Saturday, August 05, 2006


photograph: "Heads Up" - sunflowers near Christ Church, Upper Canada Village © 2006

I can't get enough of Upper Canada Village. The creation of the St. Lawrence Seaway flooded several small towns and thousands of buildings that stood near the river's low-lying shores, and this Canadian Heritage Park was created as an attempt to preserve and commemorate a part of what was lost.

The Village is a re-creation of a typical rural community of southern Ontario in the year 1866. Some of Upper Canada Village's buildings were moved from areas soon to be flooded; others came from nearby towns and are representative of structures from the period; a few buildings are newly constructed using lumber milled at the water-powered sawmill in the Village. To go there is to step back in time (minus the worries of that age, of course).

I love to visit the seamstress or the miller or the cooper; love watching the piglets run free. I smile and nod approval to the gardener in one of the healthy-looking, weed-free vegetable gardens, note the goldenrod-dyed hand-spun wool yarn at the weaver’s, and admire the beautiful quilt being pieced in one of the log farmhouses. I sniff in the smell of freshly sawn boards at the water-driven mill. The St. Lawrence River flows nearby, the sun is ripening this summer’s abundance of apples and pears, and for an afternoon I forget about global warming, oil dependence and wars.

Friday, August 04, 2006

On My Nees

Men take their names for granted, and why shouldn’t they? They’re given a name at birth, and 99+% of them keep it until death. I have only known two men who changed the surname they were born with. The first was one whose grandfather had sired only female offspring. Realizing that his own family name was about to peter out (there’s an interestingly appropriate phrase...), this man asked one of his grandsons (who had a male offspring) to take the legal steps to assume that family name. The other name-changing man did what seemed to be quite a modern – and unique - take on marital name assumption: he and his wife combined their two surnames into a whole new spelling, the marriage creating a new identity for both.

The idea that a woman should “take her husband’s name” undoubtedly goes back to the fact that women have generally been considered the property of men: don’t let them own property (the first state granted women the right to hold property in their own name, with their husbands’ permission, in 1839), don’t let them vote (true in this country until 1920), and be sure they are labeled so that others may know which man makes their decisions for them (still true in too many cases!).

In 1967, in the style of countless brides before me, I marched down the matrimonial aisle, said I did, and signed my new name on the license. I was now Young Woman Jones, nee Wizard. Simple, no hassle identity change – or perhaps theft. It was accomplished by a minister, a minister who would later be thrown out of his church for his anti-Vietnam War views, not for legalizing a bad marriage.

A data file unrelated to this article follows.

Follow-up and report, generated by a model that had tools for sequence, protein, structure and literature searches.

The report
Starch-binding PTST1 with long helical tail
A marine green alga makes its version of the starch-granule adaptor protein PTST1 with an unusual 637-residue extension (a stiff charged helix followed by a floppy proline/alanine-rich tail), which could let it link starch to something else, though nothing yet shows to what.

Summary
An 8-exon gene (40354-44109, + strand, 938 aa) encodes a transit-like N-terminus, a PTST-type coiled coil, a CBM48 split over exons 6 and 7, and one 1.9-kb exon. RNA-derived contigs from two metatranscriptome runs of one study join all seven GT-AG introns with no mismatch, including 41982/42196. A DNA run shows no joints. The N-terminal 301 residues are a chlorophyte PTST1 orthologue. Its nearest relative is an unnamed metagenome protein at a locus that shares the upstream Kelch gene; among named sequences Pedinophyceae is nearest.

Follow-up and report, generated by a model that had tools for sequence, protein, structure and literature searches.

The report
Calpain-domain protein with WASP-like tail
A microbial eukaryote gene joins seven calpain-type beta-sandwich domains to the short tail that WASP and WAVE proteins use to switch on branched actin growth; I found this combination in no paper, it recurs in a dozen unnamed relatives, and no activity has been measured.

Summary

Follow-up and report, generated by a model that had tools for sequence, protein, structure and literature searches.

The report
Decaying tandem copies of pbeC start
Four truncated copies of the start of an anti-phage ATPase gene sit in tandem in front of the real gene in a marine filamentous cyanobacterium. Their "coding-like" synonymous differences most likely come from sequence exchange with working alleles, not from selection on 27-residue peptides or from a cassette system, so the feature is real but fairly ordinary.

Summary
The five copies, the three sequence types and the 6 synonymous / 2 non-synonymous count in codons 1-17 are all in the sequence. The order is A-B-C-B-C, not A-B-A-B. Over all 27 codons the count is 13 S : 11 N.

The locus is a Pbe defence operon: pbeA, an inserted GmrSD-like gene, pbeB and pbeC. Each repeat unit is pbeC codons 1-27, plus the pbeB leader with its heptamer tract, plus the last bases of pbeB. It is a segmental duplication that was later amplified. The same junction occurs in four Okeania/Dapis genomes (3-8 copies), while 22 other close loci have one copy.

Divorce followed, but even though I was single again, I remained Young Woman Jones, nee Wizard. Admittedly, Jones was easier to spell than Wizard had been.

I married again, this time quite happy to dump the Jones surname and take on the name of my beloved second husband: Young Woman Smith, nee Wizard. The marriage and the name stuck.

About five years ago, I became interested in tracing my ancestors. I realized how many things I had never asked my parents about their roots and set about trying to find the answers. It has been an interesting search, and it has led to an interesting result. As I uncovered more and more of the history of all the “greats” and “great-greats,” a sense of identity emerged. I am now Older Woman Smith, nee Wizard, but the name just isn’t who I really am.

My mother’s family had been early American colonists, Quakers who were banished to Canada in the late 1700s because they refused to bear arms during the Revolution; my paternal grandparents were Austro-Hungarian immigrants. I tried on various combinations of my parents’ surnames with my given name, first favoring the simpler-to-spell maternal name, but somehow that didn’t feel balanced. I divided a piece of paper with a vertical line, wrote my father’s surname at the top of the left-side column and my mother’s surname on the right side. Beneath the name on the left, I listed my traits, talents, abilities etc. reasonably attributable to my father; on the right, those things about me that seemed to have been inherited /learned from my mother. To my surprise, the lists were quite equally weighted. There was my answer: I would use my given name with both of my parents surnames, however clumsy and hard to spell it might be.